Because the agencies are not to be bodies of delegates, I cannot accept the idea in Amendment No. 135 that the Government should seek "nominations from national organisations" when making appointments to the SEPA. The noble Lord, Lord Ewing, asked whether there would be a role for elected councillors on SEPA. The Government will be keen to secure the services of effective board members from all sources. We certainly envisage elected councillors playing a full part on the regional boards. Perhaps we should return at another time to the noble Lord's anxieties. I am not sure that tonight I am able to give the assurances that he seeks on whether the same people will be appointed to the water authorities and to SEPA. I need to take further advice on the matter.

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Nor should we carve out a list of reserve slots for various fields. Therefore, I cannot accept Amendment No. 10 in the name of my noble friend Lord Lucas of Chilworth. However, I understand the view that he put forward. He seeks to promote the claims of waste management for consideration when appointments are made to the agencies' board. I believe that it would be wrong for me to give him the assurance that he wants, although I am certain that my right honourable friend will consider carefully what he said tonight.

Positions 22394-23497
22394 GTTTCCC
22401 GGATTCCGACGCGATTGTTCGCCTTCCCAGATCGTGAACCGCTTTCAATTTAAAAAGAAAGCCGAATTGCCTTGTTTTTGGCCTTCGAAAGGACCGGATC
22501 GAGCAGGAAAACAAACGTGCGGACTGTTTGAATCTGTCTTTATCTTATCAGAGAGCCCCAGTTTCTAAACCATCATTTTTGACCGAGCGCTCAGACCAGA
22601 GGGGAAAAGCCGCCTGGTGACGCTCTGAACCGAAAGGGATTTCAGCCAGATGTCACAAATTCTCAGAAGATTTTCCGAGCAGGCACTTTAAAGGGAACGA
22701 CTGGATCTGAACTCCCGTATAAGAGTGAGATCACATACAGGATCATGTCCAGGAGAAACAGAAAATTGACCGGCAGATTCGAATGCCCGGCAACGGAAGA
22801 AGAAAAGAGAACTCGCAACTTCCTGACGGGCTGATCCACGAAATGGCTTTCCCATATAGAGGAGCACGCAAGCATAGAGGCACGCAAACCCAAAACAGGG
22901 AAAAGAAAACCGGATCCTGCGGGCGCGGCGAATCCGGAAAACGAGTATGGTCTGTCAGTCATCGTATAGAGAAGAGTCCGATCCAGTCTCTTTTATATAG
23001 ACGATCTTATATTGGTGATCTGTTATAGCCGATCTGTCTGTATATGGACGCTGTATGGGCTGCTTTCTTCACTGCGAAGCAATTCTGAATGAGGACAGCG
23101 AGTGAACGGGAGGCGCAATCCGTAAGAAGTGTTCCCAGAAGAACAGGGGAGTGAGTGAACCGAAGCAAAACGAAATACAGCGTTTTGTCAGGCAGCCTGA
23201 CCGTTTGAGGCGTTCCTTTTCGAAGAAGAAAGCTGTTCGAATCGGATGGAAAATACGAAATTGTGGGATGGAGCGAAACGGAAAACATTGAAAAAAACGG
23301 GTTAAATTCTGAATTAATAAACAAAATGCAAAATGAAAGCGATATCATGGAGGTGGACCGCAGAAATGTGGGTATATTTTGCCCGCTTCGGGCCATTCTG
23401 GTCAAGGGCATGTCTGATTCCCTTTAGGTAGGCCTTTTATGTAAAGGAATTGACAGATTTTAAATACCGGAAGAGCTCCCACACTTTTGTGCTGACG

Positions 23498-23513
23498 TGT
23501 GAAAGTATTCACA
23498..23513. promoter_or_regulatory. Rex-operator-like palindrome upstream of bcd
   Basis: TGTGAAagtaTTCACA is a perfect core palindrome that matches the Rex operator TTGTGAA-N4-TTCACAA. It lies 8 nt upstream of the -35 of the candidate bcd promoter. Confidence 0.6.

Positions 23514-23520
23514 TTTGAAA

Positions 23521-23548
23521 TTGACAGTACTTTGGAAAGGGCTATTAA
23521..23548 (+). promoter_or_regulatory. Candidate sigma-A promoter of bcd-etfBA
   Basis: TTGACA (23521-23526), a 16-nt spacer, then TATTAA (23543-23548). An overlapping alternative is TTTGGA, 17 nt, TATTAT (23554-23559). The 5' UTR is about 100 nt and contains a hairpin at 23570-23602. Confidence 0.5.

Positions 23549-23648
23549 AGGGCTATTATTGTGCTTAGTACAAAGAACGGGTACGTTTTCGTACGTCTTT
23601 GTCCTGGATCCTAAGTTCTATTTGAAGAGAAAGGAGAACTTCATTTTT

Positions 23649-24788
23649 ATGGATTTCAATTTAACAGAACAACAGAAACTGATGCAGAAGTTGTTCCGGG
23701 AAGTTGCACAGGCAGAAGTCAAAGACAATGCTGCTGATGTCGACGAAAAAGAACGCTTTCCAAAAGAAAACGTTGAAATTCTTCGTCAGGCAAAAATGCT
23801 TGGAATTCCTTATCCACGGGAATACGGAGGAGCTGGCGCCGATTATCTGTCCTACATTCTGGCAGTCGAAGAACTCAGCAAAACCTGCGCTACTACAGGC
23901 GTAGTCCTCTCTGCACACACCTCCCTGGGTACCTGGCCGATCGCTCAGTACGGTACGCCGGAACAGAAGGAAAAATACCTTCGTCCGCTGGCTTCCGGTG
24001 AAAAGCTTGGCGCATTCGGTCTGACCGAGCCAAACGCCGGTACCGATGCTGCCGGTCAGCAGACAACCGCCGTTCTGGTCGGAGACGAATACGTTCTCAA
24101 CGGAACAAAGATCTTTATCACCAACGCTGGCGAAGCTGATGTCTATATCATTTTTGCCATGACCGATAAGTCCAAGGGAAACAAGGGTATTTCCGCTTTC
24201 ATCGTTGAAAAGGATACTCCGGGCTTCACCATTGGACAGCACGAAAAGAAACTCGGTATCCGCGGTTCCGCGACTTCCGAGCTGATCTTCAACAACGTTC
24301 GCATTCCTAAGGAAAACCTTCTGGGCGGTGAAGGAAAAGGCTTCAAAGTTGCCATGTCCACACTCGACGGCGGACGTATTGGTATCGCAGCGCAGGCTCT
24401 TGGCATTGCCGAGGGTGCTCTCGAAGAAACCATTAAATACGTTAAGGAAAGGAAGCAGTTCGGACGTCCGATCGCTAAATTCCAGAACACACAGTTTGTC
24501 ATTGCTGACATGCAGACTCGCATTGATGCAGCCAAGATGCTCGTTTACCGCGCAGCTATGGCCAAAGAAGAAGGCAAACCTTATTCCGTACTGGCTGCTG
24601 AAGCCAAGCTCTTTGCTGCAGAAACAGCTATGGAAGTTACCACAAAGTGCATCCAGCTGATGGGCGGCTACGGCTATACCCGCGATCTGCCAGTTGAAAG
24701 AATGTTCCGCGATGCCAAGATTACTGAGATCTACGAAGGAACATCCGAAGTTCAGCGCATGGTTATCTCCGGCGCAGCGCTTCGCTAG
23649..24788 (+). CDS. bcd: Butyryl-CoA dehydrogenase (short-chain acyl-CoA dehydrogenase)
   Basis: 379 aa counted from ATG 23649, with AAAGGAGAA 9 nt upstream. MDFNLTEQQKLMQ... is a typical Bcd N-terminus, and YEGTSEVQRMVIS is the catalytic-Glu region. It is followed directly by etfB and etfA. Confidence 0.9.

The same applies to Amendments Nos. 11 and 133, which seek to take account specifically of business, the voluntary sector, local authorities and environmental and consumer interests in appointing members to the boards of the two agencies.